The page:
On the way we stopped at the turtle hatchery (Katherine’s highlight of the day) – right on the beach they have built a guarded sand area where they bury the eggs they find in labelled and dated sections where they stay until they hatch 65 days later. They release the turtles back onto the beach (apparently they need to waddle down to the ocean themselves otherwise they can’t find their way back 30 years later when they are ready to lay their own eggs) either that day (the green turtles), or after a few days (Olive Ridley) until they are bit more hardy, or 8 months later (the very rare loggerheads) to supposedly give them an even better chance of survival (however, from a large batch there were only about 6 still left in the tank that we saw. – so not sure how much they are increasing their chances by). There were quite a lot more of the tiny Olive Ridleys which were very cute, flapping about making their way to our side of the pool or sleeping with their tiny heads above the water, mouths agape.   
A number of rescued turtles were in the other pools – caught in nets and delivered by the fishermen – most will eventually be released back into the ocean, however, the ones without a fin (cut off by the very sharp nylon nets) can’t dive down so would not survive if put back in the ocean.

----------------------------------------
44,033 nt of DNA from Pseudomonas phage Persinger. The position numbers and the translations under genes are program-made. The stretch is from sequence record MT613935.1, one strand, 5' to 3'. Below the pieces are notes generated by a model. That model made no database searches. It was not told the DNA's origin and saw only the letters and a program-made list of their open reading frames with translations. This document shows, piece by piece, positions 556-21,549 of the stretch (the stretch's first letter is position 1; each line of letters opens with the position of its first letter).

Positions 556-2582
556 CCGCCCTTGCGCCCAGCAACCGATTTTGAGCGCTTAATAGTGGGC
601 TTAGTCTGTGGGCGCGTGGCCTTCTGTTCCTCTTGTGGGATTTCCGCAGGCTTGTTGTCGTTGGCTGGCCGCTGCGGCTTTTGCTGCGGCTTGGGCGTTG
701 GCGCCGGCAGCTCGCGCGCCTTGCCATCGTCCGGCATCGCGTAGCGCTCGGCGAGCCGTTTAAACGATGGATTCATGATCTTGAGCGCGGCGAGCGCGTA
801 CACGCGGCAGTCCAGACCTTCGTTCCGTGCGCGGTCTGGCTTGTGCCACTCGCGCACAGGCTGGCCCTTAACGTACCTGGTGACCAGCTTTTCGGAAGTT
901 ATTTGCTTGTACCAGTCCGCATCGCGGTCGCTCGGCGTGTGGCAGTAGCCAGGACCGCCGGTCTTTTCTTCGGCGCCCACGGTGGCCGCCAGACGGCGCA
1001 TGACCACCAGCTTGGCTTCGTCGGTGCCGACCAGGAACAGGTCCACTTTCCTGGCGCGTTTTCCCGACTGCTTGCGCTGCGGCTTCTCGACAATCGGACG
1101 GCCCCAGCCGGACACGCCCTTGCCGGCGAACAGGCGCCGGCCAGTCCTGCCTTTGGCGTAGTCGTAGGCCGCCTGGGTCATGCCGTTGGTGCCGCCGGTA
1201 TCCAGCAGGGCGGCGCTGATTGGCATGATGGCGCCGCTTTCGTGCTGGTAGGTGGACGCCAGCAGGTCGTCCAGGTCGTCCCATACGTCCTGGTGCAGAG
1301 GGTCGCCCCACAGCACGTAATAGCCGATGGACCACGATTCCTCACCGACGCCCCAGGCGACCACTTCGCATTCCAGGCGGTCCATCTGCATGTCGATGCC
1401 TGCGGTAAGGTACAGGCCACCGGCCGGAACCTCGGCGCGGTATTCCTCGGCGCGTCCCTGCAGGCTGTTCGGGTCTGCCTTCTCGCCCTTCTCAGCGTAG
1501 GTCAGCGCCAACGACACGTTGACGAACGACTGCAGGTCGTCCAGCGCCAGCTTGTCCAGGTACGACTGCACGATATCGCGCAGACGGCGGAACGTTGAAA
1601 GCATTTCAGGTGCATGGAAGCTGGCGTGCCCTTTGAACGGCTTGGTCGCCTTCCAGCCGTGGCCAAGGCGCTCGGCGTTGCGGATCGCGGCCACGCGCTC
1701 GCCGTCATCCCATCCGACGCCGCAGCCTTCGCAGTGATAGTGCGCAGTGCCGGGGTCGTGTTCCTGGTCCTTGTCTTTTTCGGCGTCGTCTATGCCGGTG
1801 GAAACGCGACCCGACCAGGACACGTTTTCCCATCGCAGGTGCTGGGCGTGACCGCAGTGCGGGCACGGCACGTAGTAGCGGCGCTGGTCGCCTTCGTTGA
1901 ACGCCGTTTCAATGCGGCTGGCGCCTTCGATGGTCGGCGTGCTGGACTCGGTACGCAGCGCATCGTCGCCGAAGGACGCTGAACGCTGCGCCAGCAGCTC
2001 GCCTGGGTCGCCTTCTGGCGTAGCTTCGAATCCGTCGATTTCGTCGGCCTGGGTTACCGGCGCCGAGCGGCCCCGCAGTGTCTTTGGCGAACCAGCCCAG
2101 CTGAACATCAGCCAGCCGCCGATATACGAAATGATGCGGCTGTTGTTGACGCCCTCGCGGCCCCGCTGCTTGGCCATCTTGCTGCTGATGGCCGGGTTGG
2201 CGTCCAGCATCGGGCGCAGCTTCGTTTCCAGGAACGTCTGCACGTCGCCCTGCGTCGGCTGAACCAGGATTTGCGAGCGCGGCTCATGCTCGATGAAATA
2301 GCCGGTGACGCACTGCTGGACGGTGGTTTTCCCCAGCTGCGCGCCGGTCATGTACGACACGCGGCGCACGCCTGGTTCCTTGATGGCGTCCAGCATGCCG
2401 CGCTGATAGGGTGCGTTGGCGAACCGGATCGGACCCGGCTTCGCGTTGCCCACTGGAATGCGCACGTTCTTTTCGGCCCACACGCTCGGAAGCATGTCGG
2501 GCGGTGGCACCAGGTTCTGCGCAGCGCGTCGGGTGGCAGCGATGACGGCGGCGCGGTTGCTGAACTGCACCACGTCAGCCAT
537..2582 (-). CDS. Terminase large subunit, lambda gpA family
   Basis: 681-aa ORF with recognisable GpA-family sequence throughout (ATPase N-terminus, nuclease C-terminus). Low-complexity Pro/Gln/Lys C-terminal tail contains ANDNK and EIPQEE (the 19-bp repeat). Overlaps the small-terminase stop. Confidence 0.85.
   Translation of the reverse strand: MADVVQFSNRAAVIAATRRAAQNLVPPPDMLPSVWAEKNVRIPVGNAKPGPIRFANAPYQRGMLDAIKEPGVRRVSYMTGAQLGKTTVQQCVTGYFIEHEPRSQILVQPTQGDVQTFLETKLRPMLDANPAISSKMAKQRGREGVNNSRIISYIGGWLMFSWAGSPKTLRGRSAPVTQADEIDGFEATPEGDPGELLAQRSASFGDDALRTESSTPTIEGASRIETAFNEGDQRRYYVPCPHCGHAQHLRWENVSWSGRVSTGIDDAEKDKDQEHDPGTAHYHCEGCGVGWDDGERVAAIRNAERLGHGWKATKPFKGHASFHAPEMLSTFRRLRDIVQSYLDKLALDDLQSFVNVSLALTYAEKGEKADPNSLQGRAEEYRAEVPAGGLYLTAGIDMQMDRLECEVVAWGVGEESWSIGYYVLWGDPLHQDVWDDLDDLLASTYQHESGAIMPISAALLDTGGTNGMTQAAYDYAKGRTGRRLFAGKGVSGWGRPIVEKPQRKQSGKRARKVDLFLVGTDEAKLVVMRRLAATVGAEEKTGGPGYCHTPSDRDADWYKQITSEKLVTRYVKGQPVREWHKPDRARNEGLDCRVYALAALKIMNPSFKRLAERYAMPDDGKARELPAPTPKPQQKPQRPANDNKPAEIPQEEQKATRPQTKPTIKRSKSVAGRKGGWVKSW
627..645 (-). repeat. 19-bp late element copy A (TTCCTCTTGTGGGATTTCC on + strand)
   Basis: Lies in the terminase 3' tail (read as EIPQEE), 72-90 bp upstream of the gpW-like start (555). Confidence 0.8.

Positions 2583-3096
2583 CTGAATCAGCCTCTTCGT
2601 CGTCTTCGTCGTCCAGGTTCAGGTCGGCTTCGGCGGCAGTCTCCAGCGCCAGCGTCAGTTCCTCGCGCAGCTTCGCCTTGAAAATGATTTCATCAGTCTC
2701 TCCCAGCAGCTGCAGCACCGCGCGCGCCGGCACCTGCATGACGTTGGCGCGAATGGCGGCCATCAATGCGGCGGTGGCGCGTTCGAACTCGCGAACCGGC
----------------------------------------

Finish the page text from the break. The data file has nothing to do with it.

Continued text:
Another short drive brought us into Mirissa – a beach lovers Mecca. We headed for the beach and walked in the water (jayne and Katherine) or as far up the sand as physically possible (me) along the beach front deciding which restaurant to choose (apparently my second responsibility.) Most of the restaurants are built onto the sand (apparently illegal and at risk of being pulled down – not that I knew this at the time) and the incoming tide was lapping at the diners/drinkers feet.
Surfers were catching waves to the right even as the sun was disappearing and hopefully stopped before it was pitch black although they could have been aided by the laser beams from each of the restaurants enticing customers in. We enjoyed dinner on the beach before heading to our family run hotel right off the beaten track.    No air con so we should be warm enough tonight – probably will be complaining that I was too warm tomorrow 🙂 

A slight reversing into the driveway calamity, while the owners looked on with increasing worry, but all good in the end.

Saturday 14th February 2016

Galle – day 130 (Jayne)